Blood pressure is the amount of stress exerted on the walls of the blood vessels from the circulating blood. When a health professional assesses blood pressure, he or she will measure the level of both the systolic blood pressure and the diastolic blood pressure and write the measurement as systolic over diastolic, for example 120/80.
Systolic blood pressure, the top number, is the maximum amount of pressure exerted on the blood vessel walls during each beat of the heart. It occurs at the end of each cardiac cycle when the ventricles, the bottom chambers of the heart, are contracting to pump blood out of the heart into the veins. Maintaining the proper systolic blood pressure is important for keeping the blood flowing through the blood vessels so that the body'?'s cells get oxygen and nutrients delivered when needed.
Normal range for systolic blood pressure is 90 mm Hg to 119 mm Hg for adults aged 18 and older. When systolic blood pressure is consistently over 140 mm Hg, patients have a condition called isolated systolic hypertension. Systolic pressure is too low if it is below 90 mm HG, a condition called hypotension.
It was once thought that diastolic blood pressure was more important than systolic pressure when determining if a patient has hypertension. However, now medical experts measure pulse pressure as a sign of cardiac health. Pulse pressure is the difference between systolic pressure and diastolic pressure.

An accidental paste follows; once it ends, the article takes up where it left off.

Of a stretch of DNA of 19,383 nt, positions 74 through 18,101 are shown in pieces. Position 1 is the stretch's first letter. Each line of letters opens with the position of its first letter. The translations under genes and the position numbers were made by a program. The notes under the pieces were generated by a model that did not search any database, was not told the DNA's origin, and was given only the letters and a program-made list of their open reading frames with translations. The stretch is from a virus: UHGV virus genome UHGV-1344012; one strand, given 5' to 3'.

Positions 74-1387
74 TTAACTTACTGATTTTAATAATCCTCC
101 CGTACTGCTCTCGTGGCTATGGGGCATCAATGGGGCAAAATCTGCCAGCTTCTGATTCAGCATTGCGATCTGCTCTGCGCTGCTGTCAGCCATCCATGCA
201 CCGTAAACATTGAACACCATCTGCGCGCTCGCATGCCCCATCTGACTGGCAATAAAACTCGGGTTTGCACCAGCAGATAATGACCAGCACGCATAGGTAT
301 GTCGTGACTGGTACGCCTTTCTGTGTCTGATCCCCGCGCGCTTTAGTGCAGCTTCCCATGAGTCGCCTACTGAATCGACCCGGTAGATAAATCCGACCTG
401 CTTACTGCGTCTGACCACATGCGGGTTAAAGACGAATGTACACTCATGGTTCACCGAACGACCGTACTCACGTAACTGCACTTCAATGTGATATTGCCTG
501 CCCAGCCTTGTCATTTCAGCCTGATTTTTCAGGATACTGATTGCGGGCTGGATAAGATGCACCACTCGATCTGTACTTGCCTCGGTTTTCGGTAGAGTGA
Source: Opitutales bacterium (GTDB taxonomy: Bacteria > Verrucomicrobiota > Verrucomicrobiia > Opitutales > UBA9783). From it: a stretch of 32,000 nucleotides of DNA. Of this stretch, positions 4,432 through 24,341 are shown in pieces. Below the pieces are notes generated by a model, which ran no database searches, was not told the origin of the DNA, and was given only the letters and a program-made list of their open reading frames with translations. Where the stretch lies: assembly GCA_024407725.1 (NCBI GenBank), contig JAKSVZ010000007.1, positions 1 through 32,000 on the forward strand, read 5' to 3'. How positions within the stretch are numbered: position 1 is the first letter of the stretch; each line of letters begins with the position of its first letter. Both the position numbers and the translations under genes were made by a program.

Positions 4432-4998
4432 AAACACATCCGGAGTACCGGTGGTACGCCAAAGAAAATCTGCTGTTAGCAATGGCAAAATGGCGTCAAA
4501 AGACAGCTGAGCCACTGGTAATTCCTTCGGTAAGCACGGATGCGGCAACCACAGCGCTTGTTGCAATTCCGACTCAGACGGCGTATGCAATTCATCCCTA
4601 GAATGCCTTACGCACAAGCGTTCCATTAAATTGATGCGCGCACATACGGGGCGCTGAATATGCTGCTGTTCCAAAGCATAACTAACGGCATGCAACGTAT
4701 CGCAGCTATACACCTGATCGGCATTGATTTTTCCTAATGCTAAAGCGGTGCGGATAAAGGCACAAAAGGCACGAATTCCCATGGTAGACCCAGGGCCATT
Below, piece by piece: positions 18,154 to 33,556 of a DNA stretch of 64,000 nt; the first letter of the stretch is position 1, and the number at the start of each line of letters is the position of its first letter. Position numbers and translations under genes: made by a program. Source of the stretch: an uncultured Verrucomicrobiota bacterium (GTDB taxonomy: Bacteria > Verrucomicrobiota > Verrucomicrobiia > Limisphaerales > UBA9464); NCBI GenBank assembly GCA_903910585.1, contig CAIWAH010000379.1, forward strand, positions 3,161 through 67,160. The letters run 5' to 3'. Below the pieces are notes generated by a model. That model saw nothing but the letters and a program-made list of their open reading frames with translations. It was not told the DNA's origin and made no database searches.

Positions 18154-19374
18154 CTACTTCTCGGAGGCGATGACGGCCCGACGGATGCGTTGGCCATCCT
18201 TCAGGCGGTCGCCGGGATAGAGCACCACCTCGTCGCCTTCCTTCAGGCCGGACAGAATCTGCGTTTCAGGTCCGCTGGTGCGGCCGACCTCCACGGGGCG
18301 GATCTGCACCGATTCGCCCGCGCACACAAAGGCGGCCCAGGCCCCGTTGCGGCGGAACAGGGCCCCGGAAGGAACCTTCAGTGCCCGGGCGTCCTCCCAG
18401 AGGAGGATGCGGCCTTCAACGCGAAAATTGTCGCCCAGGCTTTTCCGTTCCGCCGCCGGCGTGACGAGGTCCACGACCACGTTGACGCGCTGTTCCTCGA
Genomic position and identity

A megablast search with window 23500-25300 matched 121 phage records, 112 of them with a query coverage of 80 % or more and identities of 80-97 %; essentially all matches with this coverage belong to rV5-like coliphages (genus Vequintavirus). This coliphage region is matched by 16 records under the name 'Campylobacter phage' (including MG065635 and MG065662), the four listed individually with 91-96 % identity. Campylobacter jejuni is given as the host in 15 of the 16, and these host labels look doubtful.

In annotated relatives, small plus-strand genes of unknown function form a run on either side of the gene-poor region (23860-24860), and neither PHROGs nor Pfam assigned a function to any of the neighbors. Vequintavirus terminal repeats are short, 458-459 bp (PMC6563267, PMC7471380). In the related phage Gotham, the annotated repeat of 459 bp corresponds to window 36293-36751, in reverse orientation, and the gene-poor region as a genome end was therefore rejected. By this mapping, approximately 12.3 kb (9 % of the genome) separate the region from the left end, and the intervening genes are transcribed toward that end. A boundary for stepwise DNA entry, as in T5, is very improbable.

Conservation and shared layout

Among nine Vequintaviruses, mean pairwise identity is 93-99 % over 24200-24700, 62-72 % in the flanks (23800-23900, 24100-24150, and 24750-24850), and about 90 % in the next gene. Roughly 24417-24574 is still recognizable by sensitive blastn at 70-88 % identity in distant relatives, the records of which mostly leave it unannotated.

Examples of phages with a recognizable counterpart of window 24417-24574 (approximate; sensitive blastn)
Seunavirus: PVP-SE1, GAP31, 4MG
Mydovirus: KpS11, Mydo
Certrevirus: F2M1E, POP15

Systolic blood pressure changes frequently during the day due to factors such as posture, nicotine use, and level of exercise. As we age, systolic blood pressure tends to rise. Elderly patients may have systolic pressure above what is considered normal because of reduced flexibility in the blood vessel walls.
If systolic blood pressure is high, the treatment to reduce the number to a normal level is the same as with other types of hypertension. Diet, exercise and other lifestyle changes, such as smoking cessation and weight loss, are attempted first. If these do not succeed, medications can be used to reduce the amount of pressure exerted on the blood vessel walls.
Foods that lower your blood pressure should be on your shopping list if you've been diagnosed with hypertension.
These natural remedies for high blood pressure may be able to help you avoid taking medication for your hypertension. In most cases, it comes down to making small but effective changes in your lifestyle.